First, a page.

David Roberts @drvox Seattleite transplanted from Tennessee; now blogging for vox.com/ about energy politics. Climate hawk, deficit dove. Not a doctor. May. 18, 2019 2 min read

My new post: The climate plan that Jay Inslee is releasing (piece by piece) is more than a campaign document, it's a detailed roadmap for US decarbonization. The next president should use it, whoever that is.  https://www.vox.com/energy-and-environment/2019/5/18/18628870/green-new-deal-jay-inslee-2020-climate-change 

1. In the post above, I raise a somewhat fanciful possibility -- one I'd like to mull over a bit more. Basically, my thought is that Inslee's campaign has an expertise on this issue that no other campaign is going to be able to match. So why should they try?

2. Just take Buttigieg, as a random example. He *could* go out looking for good climate wonks that haven't already been claimed & try to put together some sort of bold plan that is distinct from Inslee's, but I'm skeptical he would succeed & I don't really see the point.

3. There are other ways for Buttigieg to distinguish himself, stuff he probably knows & cares about more. Why not, when it comes to climate, just say: "Jay has a great team of experts, they've put together a fantastic plan, and I endorse it." Seriously, why not?

4. You could say the same for Harris, Booker, Castro, that bland white guy, that other bland white guy ... none of them are climate experts, so why force them to pretend during the campaign? Just say: our party's got a climate expert & a great climate plan. Let's do that.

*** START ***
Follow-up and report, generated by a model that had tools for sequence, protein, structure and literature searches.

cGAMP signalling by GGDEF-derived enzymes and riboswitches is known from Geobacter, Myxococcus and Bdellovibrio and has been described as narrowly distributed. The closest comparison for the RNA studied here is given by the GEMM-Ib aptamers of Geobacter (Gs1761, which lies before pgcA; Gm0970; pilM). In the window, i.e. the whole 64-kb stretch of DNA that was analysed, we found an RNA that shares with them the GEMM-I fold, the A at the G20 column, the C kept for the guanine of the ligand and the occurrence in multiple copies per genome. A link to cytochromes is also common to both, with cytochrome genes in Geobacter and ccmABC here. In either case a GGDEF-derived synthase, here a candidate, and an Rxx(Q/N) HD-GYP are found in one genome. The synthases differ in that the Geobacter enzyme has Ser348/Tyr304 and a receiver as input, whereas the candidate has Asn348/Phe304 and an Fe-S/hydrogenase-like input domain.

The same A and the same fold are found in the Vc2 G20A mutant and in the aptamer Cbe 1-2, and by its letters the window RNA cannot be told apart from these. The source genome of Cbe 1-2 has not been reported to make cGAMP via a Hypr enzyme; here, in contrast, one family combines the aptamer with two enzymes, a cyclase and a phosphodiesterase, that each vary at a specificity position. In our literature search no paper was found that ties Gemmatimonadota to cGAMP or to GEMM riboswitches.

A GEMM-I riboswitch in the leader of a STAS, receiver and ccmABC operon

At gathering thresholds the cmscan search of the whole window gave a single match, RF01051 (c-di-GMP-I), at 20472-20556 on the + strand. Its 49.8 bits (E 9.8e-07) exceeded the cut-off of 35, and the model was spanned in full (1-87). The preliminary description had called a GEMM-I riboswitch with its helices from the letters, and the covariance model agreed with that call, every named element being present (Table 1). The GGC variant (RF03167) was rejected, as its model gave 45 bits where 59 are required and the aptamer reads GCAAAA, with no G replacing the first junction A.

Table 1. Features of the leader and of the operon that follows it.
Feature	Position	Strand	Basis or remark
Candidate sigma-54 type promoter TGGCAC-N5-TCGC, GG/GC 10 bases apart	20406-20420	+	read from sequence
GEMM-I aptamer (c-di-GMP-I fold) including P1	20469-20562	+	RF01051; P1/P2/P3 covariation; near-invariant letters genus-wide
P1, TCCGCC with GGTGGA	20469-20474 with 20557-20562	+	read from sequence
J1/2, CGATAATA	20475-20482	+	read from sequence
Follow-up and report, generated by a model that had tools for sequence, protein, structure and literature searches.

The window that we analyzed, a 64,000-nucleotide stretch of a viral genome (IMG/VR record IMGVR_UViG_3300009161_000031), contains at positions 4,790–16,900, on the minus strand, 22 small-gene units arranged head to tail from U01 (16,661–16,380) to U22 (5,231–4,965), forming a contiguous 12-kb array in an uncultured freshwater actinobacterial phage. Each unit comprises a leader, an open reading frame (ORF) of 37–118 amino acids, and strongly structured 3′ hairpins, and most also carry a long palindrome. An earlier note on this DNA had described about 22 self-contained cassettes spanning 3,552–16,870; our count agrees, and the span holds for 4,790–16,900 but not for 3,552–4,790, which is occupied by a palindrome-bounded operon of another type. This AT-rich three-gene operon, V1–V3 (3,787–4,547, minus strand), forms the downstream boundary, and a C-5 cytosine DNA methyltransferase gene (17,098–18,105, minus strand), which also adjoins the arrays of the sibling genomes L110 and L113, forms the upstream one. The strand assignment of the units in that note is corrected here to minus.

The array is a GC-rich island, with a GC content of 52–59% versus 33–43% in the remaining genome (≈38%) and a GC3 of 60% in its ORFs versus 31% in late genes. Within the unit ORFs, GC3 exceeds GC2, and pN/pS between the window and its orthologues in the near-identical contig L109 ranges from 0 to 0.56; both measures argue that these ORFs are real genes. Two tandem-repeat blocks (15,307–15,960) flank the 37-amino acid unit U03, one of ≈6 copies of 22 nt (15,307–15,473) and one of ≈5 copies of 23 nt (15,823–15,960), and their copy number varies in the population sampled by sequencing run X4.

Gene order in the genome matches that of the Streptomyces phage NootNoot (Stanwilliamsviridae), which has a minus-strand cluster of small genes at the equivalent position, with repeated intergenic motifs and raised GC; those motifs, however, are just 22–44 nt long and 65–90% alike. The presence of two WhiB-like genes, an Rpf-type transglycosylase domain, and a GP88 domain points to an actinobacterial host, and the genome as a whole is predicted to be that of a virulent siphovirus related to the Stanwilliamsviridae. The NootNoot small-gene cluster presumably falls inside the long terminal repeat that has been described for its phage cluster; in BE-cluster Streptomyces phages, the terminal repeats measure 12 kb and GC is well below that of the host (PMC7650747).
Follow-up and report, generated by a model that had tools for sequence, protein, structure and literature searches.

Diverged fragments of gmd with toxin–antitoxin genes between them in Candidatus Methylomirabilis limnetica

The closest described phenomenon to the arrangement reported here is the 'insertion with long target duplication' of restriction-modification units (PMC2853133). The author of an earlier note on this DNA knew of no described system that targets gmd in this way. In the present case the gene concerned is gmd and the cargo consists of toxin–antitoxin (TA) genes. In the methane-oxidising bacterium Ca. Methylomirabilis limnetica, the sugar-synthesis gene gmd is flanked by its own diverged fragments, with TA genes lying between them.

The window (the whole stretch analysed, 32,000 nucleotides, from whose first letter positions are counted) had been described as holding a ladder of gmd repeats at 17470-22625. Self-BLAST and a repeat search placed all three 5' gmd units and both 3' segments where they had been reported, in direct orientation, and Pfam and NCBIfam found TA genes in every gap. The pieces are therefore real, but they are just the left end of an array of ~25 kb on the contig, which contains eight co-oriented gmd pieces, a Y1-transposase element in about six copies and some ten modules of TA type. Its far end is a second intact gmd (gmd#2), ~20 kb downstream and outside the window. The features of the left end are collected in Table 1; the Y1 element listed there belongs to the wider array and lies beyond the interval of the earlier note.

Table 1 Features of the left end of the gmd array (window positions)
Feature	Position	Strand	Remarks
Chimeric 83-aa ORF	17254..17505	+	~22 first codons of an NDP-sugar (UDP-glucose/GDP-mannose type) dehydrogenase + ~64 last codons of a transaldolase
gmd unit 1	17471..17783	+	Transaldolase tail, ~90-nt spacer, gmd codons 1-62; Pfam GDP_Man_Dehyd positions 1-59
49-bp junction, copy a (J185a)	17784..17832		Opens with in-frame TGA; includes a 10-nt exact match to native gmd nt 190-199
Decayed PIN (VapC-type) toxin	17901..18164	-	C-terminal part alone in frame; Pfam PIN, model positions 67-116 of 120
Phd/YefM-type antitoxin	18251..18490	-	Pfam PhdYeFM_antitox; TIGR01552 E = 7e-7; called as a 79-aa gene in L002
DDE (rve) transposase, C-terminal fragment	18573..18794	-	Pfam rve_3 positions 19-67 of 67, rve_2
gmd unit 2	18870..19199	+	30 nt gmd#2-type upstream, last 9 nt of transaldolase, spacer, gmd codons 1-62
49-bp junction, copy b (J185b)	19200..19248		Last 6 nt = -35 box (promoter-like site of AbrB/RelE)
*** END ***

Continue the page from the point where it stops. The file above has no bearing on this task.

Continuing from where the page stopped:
5. They could all choose different parts of the plan to emphasize (it is capacious!). Or they could add supplementary, signature bits to it (like Warren's policy on climate at DoD). They could use it as a framework.

6. The problem with the Green New Deal is that, lacking any policy to fill out all the aspirations, it's become symbolic -- people are just arguing over abstractions like "realism." It's all signaling & posturing, an environment where Fox et al. will always win.

7. Inslee's plan is taking the GND aspirations -- total, sector-by-sector decarbonization, massive job creation, protection of vulnerable communities -- and translating them into detailed policy language that references existing programs & state-level successes.

8. The grand ambitions seem a little less daunting in this form. Like, yeah, it's a big job, but here are the programs, the policies, the acronyms. "War-time mobilization" is big & scary. "Implement dynamic line ratings on transmission systems" is doable. Boring even!

9. That's what the GND debate needs right now: a little less sweeping symbolism and a little more, "yeah, we've got a giant instruction manual in hand, please just get out of our way and let us get started." Less rhetoric, more techné.

10. Anyway, Inslee's done the work. Why should the other candidates replicate it? This is the kind of detailed, nitty-gritty translation of the GND to policy that people have been asking for. Why not just embrace it?

11. It won't happen, I know, because ... politics. But I still think it's worth pondering. Thoughts, questions, concerns? </fin>


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